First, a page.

THE most imaginative and ground-breaking initiative in school evaluation in a lifetime". These words from one of Her Majesty's chief inspectors are no off-the-cuff rhetoric but a sober assessment of an idea, a venture, an adventure, that describes itself as the Learning School.
It is a Scottish initiative, born and nurtured in Britain's northernmost secondary school but global in its reach and impact. It is the brainchild of Stewart Hay, assistant head in Anderson High in Shetland, building on the success of a previously inspired curriculum project known as the Global Classroom.
This is the recipe for the Learning School. Take a group of young people from eight countries. Give them a year out of school to get an education. Provide some intensive training in observation and evaluation then send them off on a world tour of schools, observing in classrooms, shadowing pupils, conducting interviews and adminis-tering questionnaires.
Prepare teachers in the schools to get some challenging feedback from them. Help the team to observe astutely, to record faithfully, to feed back sensitively.Keep them in touch through the net with the Anderson home base and with university researchers in Japan and Cambridge.
Ensure the receiving schools have host families willing to accommodate someone for four weeks or so, even if there is no common language. Entrust co-ordinators (older students) to blend a disparate collection of individuals into a working group, listening and learning from one another, arguing their corner, compromising and synergising. Grow their confidence to report their findings to critical audiences at universities, government departments and international conferences. Encourage them to write a book and find a major publishing house to print it.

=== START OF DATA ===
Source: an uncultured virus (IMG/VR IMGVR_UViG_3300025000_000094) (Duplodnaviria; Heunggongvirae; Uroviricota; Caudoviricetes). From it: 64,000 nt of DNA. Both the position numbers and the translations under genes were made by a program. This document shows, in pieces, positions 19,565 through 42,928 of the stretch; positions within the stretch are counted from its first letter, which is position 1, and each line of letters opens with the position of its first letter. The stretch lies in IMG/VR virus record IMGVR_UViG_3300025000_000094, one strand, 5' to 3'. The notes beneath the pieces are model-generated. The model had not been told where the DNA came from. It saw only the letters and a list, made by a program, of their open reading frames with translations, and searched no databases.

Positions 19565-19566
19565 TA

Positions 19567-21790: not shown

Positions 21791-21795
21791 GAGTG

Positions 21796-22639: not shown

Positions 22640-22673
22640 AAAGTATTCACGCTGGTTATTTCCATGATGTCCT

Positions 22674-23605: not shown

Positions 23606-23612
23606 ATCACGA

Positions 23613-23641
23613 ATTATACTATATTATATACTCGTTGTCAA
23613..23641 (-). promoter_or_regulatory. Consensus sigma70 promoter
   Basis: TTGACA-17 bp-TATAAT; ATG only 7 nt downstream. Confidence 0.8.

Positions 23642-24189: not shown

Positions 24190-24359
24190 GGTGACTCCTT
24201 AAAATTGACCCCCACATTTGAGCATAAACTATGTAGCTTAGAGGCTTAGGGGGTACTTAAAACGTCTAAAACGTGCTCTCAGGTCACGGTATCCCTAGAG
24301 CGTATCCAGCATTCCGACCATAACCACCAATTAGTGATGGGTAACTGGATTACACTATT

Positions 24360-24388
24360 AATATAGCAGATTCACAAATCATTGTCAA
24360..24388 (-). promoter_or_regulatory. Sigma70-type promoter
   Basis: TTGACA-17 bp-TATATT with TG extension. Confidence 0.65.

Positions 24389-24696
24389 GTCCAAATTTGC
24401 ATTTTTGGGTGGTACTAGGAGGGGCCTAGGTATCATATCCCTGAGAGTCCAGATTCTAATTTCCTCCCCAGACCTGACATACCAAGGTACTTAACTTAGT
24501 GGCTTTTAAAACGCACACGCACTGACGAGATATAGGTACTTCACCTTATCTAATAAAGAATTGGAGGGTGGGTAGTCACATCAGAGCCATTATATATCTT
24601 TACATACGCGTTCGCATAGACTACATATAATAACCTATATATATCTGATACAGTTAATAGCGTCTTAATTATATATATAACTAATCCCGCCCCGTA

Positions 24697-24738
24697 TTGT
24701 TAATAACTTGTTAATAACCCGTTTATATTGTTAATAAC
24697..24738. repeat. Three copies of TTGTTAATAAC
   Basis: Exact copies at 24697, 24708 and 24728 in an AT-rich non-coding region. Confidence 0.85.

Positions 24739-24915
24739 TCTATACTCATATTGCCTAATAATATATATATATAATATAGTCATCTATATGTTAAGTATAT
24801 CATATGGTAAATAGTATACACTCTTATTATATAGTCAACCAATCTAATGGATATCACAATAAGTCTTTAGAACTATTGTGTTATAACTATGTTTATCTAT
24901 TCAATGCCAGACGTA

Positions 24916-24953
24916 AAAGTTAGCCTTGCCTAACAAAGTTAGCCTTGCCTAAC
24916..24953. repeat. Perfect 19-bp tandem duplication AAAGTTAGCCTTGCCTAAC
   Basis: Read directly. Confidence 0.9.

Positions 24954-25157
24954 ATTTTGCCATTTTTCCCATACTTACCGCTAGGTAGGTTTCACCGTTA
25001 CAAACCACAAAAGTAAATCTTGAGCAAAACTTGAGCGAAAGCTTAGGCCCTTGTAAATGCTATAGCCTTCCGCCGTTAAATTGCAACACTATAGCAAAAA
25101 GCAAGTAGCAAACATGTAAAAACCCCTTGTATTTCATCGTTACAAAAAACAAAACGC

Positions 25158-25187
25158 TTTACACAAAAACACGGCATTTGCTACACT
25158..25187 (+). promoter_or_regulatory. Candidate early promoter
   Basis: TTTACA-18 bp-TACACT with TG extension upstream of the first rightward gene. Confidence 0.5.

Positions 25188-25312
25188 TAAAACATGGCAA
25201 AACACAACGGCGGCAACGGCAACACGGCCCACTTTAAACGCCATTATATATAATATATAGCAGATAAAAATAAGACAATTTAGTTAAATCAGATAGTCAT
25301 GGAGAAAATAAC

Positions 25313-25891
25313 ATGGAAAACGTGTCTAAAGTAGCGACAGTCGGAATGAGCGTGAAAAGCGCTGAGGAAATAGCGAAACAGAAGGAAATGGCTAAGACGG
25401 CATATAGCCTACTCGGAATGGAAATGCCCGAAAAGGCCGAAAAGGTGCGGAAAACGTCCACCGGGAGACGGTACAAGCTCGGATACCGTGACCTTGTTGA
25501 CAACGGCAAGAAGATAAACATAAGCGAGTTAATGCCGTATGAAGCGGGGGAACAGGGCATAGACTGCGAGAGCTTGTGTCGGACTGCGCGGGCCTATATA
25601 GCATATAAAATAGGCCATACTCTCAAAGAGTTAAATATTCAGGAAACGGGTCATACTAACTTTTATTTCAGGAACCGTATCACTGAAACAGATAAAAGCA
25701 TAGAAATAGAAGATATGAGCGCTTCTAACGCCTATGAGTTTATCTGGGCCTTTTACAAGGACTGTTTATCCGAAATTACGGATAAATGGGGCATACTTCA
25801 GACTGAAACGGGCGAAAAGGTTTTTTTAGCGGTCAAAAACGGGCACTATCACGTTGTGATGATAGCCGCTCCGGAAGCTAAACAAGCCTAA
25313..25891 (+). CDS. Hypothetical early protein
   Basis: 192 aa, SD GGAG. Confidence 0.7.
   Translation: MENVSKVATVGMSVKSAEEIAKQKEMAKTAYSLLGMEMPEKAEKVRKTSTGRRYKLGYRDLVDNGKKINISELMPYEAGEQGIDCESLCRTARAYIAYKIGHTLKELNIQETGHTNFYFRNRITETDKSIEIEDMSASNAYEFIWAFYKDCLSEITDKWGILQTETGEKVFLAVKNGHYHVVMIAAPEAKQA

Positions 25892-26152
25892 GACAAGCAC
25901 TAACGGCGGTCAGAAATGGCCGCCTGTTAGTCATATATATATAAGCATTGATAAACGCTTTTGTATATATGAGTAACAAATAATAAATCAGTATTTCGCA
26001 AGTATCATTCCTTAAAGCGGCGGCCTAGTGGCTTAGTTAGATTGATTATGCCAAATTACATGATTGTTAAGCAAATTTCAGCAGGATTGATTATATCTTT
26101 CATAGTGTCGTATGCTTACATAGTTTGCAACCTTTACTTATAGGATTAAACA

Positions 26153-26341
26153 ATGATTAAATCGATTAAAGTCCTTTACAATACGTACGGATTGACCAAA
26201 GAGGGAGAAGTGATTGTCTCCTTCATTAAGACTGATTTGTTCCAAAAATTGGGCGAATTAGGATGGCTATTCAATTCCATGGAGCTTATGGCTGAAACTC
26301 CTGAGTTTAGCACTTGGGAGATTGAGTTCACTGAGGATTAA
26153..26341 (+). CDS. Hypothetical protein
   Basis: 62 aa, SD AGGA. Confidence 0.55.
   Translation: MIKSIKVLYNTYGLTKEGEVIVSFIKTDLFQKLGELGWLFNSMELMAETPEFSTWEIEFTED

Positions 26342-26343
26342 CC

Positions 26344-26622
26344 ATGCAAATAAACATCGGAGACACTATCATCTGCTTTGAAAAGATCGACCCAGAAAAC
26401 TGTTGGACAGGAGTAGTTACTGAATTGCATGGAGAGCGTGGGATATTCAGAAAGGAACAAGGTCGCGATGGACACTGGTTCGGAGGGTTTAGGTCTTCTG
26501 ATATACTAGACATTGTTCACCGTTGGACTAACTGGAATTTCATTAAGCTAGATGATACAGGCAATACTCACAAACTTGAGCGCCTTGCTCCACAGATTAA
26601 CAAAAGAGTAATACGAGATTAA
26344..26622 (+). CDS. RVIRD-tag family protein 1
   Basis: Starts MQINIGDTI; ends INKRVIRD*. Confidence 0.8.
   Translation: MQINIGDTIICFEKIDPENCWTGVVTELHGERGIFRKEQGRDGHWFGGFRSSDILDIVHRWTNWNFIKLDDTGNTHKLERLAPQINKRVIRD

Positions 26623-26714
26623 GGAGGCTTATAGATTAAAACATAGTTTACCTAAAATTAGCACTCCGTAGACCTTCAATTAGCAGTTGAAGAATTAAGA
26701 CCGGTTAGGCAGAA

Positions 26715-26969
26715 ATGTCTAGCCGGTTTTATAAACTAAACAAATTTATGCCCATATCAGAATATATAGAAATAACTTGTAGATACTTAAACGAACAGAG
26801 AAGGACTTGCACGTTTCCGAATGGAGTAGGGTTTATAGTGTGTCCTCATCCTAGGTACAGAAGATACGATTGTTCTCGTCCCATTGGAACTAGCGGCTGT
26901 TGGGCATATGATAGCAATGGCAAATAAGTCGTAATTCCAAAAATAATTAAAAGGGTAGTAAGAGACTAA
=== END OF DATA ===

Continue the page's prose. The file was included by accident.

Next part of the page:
Shaken and stirred is what these young people write about their experience in the recently published book Self-evaluation in the Global Classroom (TESS, January 3). Theirs was an emotional roller-coaster ride from Shetland to Korea, via Hong Kong, Japan, the Czech Republic, South Africa, Sweden and Germany.
But that is only part of the story. What they observed and recorded in classrooms is a powerful narrative about learning and its relationship to teaching. Much of their insight is owed to their status as students, talking to their peers and to the repertoire of tools which helped them to dig beneath the surface life of classrooms that so often presents itself to school inspectors.
They can see things unencumbered by habits of seeing. They can know things for the first time without prior knowing. They are also afforded the luxury of time. No 30-minute observation and a summative judgment at the end, but extended visits to classrooms, shadowing a class or a pupil over a week with follow-up interviews to probe the high and low points of learning, reminding us what a school can look and feel like from a pupil perspective. Teachers who bravely volunteered to do their own spot checks found that their estimates of pupils' engagement and interest often rendered wildly differing judgments of the same event.
Spot checks often identified consensual high water marks. When a teacher's and a class's judgments did positively coincide it was an indicator of something vital taking place. These small-scale miracles opened up big questions. What is it that engages pupils and sparks their imagination? When does a classroom episode come alive? How much of it is down to the teacher and how much rests with the pupils or peer group themselves?
These questions and the classroom dialogue they provoke lie at the heart of self-evaluation. Self-evaluation remains a topical issue internationally and Scotland can justly claim to be a world leader in the field. The Learning School initiative, however, takes How Good Is Our School? a step change forward. It moves the student from periphery to centre stage.
Archie McGlynn (HMCI at the time), impressed by what he had heard from the Learning School students during a presentation at the then Scottish Office headquarters in Edinburgh's Victoria Quay, immediately composed a memo to colleagues advocating that students be part of an inspection team.
A paradigm shift too far perhaps? But, as he confidently asserts, its time will come.
John MacBeath is Professor of Education at Cambridge University.